A second class of problems, which has been addressed in the context of the present research activity, is in fact a modern thematic reference point for the development of innovative models, both in the framework of quantum kinetic theory (Wignerian formulation of statistical quantum mechanics) than in the framework of a non-local theory of the quantum hydrodynamic systems (quantum formulation of ET).In recent years, using the reduced density matrix formalism, a non-local formulation of the Quantum Maximum Entropy Principle (QMEP) has been proposed for the determination of closed hydrodynamic models for a system of identical particles subject to different statistics (Fermi, Bose, and Fractional statistics) and for different degeneracy levels ( ; ).

Also in this case, besides providing an advanced theoretical "framework" on the QMEP,  the aim is the application of these new theories to the study of: hot carriers transport in nano-scale electronic devices;  elementary excitations obeying fractional statistics; advanced materials of next generation (graphene), with the relevant advantage of a reduced computational effort compared to the usual kinetic simulation methods. Finally, by using a non-local mean-field theory (in second quantization), we are trying to use the QMEP procedure to include not only different types of statistics, but also the spin variables, in order to formulate a systematic theory also for the spintronic systems. 

In the context of stability-instability problems: (i) A method was sought for the construction of optimal Lyapunov functions using a canonical reduction method. This method has been applied to systems of ordinary differential equations, to systems of reaction-diffusion equations and to systems of equations in fluid dynamics. (ii) A study of the linear stability of the steady states achieved by hot carriers has been done, for various materials, using the small-signal analysis. (M. Trovato, P. Falsaperla)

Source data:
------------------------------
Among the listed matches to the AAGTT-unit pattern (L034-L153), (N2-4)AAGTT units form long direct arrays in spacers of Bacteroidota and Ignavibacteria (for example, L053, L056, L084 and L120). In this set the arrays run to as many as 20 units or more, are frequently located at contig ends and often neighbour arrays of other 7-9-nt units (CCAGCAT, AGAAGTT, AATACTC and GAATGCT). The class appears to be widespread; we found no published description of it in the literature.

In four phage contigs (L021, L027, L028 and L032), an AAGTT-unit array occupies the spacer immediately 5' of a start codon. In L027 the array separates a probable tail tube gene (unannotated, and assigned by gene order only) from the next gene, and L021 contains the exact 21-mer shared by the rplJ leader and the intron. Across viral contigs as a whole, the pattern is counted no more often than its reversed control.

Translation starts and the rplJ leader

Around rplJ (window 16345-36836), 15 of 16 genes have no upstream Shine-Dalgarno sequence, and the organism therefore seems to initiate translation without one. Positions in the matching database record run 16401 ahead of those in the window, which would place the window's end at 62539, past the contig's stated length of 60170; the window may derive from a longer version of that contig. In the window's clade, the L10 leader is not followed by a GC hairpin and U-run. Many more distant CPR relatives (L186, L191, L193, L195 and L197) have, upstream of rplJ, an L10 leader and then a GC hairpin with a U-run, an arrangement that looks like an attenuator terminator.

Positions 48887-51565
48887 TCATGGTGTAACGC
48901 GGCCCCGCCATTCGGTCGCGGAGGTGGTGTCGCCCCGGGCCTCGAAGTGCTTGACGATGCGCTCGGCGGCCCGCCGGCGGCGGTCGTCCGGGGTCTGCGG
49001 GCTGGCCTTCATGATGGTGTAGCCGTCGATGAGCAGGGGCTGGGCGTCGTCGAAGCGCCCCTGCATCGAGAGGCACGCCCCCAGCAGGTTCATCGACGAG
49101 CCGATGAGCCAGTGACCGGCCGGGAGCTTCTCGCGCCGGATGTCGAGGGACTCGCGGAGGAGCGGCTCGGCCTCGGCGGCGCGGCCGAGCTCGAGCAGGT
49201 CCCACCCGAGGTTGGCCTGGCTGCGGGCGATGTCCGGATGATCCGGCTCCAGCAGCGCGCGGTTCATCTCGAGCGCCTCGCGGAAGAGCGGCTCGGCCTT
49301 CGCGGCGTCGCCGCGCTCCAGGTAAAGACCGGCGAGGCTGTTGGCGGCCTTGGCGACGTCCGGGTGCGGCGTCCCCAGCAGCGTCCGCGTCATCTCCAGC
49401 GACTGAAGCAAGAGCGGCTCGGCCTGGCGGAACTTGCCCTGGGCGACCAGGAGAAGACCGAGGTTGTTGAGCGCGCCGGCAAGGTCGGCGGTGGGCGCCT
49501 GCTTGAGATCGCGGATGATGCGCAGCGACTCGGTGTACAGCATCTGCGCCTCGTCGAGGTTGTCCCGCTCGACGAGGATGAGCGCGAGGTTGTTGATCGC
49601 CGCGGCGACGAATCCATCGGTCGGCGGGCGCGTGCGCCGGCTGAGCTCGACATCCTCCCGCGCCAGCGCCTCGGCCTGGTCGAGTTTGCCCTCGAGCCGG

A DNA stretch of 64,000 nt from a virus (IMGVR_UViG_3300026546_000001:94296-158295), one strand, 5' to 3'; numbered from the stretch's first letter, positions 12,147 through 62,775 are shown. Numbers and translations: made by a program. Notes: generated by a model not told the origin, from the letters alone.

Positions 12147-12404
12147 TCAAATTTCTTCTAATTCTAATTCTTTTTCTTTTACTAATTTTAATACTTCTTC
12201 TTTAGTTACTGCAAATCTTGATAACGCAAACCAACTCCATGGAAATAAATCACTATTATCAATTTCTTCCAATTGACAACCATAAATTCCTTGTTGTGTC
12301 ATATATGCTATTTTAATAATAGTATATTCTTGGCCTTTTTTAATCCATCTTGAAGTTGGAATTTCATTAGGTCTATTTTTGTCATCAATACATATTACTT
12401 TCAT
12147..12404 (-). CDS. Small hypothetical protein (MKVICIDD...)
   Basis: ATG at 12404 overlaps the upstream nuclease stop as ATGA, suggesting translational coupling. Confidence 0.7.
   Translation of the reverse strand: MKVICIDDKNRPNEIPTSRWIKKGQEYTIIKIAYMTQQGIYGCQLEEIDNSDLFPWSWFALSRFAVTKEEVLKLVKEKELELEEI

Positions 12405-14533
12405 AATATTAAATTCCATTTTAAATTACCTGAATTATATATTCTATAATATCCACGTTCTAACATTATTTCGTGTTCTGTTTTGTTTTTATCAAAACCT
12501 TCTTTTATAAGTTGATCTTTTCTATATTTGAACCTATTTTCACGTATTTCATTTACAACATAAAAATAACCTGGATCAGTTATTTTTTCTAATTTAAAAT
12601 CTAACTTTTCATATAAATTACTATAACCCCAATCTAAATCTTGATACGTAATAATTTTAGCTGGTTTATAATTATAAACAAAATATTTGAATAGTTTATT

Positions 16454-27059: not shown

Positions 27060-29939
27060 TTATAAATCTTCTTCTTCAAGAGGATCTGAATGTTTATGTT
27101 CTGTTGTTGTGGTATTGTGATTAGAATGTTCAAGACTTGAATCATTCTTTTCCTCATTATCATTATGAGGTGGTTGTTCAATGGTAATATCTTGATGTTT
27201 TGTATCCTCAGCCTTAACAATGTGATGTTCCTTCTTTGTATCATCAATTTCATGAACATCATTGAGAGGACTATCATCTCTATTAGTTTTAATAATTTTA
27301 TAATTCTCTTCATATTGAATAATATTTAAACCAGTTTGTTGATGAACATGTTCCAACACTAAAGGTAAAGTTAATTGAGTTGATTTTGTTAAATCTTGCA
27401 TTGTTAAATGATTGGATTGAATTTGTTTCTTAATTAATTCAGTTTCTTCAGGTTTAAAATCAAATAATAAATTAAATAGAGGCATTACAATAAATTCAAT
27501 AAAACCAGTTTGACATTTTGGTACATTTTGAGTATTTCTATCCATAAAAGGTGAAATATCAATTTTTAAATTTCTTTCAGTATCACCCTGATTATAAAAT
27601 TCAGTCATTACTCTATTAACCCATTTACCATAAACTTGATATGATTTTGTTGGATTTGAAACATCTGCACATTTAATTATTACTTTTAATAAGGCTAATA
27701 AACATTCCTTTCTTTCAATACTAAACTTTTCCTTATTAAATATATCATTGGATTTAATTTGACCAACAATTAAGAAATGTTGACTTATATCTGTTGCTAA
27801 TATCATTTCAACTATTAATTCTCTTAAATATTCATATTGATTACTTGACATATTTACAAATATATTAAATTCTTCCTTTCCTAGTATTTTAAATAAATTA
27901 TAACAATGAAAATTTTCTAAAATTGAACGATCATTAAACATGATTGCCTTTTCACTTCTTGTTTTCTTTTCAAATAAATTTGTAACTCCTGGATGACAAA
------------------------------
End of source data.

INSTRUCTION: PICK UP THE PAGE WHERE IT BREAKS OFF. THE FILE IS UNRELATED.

Mathematical Epidemiology: we investigate the asymptotic of ODE and PDE in which the kinetic of the equations is based on the way diseases of behaviours do propagate in populations. Some applications are made also to social phenomena such as drug abuse. (Paolo Falsaperla, Andrea Giacobbe)

Qualitative methods of mechanics in fluids and porous media: we consider a base flow, solutions to Navier-Stokes equations or their generalizations to non-isotermal fluids and/or magneto-fluids, and we investigate the evolution of the generic perturbation as the initial data are varied. In particular we use spectral methods (by means of theoretical or numerical methods) and we determine the critical thresholds of instability. We also use rigorous Lyapunov methods to investigate sufficient stability conditions and to determine the relative critical values of parameters. The application to porous media in inclined layers are particularly interesting for landslides. (Paolo Falsaperla, Andrea Giacobbe)